We’ve dedicated a bit of this post to time, but there are plenty of other issues that we face when trying to effectively evaluate your output. The discussion focussed on a few important factors to be aware of during the evaluation process. Evaluation involves getting the right answers to allow you to grow, and to get those answers you need to ask the right, meaningful questions to help you gather your information. If you have clear objectives to begin with then you will find it easier. We should take a second to admire Sian’s excellent GIF game during this chat as well.



With most of the world moving into an online space, the difficulties of gathering data online over in person were discussed. We can’t hand out surveys during a session and collect them, we have to rely on folk filling things out for us in their own time. Once the session is over, they might forget to fill out an evaluation form. We can get quantitative data by asking for “thumbs ups” or doing simple polls on zoom but getting measurable data on that is tricky. It seems like openness might be key.

So rather than monetarily incentivising your audience to complete evaluation after a session (love 2 shop vouchers, anyone?), emphasising the importance of their feedback and adding the value that way could help get you the meaningful feedback needed.


Thanks to everyone who joined in on the chat and shared their experiences! If you want to read it all in full, you can click here to go to a Twitter Moment!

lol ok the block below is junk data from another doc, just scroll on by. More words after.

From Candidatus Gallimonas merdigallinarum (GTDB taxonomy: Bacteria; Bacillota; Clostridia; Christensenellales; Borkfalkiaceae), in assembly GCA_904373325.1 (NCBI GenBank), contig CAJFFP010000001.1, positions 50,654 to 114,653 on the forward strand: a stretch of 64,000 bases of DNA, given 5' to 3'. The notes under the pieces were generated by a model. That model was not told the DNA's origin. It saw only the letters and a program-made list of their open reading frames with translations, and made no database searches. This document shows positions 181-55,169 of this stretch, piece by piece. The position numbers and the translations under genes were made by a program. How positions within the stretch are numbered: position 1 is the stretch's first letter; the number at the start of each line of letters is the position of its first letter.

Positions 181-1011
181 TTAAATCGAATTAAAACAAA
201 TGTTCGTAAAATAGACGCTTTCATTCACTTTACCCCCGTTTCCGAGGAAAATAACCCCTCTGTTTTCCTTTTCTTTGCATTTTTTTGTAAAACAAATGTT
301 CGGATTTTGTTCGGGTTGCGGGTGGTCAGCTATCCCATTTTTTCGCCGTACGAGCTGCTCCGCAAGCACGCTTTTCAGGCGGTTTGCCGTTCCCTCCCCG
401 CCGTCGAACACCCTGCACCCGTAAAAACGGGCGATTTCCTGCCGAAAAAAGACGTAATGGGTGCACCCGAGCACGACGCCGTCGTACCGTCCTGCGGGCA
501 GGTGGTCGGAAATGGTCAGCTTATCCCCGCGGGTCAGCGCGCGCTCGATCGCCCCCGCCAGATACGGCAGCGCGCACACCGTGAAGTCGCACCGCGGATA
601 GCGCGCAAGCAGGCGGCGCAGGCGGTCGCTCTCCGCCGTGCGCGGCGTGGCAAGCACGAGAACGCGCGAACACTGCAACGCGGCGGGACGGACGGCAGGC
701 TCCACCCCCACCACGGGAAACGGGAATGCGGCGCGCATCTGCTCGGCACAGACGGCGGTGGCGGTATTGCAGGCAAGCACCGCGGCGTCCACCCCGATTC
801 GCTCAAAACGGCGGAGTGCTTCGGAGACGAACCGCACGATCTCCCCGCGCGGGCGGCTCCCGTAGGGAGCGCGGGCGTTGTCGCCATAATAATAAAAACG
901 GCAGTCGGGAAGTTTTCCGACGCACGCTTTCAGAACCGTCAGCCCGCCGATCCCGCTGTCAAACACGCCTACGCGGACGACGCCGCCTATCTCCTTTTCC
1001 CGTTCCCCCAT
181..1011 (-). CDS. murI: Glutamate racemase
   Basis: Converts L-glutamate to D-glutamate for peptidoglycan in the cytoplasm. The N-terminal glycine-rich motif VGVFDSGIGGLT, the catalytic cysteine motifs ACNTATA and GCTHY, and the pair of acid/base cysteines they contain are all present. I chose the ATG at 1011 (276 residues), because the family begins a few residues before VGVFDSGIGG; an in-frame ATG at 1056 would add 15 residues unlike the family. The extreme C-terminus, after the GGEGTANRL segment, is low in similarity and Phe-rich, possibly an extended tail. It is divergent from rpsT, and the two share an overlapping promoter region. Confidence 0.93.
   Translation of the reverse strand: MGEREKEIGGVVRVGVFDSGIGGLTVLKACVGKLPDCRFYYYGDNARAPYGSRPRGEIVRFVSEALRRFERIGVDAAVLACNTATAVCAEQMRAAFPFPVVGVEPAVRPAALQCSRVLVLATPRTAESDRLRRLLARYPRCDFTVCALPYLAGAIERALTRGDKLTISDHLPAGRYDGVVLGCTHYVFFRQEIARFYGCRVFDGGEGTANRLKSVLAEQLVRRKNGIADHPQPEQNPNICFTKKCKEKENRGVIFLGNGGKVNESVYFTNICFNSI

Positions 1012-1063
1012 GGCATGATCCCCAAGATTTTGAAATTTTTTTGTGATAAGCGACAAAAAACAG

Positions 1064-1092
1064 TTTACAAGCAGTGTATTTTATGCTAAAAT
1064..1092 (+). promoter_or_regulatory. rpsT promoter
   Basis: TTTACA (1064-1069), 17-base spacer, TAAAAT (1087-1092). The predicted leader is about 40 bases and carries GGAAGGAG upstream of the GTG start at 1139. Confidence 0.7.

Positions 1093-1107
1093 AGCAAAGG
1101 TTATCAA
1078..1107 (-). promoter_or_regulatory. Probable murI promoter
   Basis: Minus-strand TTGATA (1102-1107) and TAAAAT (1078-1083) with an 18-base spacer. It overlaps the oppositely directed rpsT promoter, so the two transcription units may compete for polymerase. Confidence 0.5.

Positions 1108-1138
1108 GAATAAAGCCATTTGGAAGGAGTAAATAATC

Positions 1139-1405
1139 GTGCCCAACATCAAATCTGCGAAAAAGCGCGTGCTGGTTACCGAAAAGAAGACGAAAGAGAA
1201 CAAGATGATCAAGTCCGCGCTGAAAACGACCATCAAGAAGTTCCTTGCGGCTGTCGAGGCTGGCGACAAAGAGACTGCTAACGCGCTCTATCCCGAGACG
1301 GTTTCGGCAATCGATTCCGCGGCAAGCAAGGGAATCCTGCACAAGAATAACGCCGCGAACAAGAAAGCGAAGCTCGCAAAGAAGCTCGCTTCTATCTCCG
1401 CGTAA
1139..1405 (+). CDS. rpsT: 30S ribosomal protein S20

Working remotely in Learning Teams: DLNETChat April 2021

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Lisa Peter

Last week, we had a lively discussion on Twitter about how Learning Teams up and down the country have tackled the challenges of remote working. We covered topics from using individual tools to improving collaborative work to management techniques that might help to keep team members motivated and help to fight the isolation some of us might feel while working from home.

Lots of people shared their experiences as well as quite a few tips, so here’s a summary of the things people were talking about.





Perhaps unsurprisingly, people chatted about collaborative tools that can support project work and ideation, for example,  Google documents and sheets, which can be worked on in real time while on meeting calls, even without the need for screen sharing. For looser formats such as brainstorming, Padlet was mentioned (which some also use for teaching support in live sessions, as it’s very popular with teachers). For teams who create a lot of online content and need to ensure consistency in design, check out the online tool Canva to share design templates within teams. 






Another question we asked was around the challenges for teams that come with working from home. For teams that normally work closely with collections and historical properties, not being anywhere near the physical objects they use as source material for learning activity, feels odd, to say the least. 



But which other challenges were identified? Looking back over the conversation, they can probably be summed up as 

  • appropriate levels of communication, 
  • making space for the social side of work, and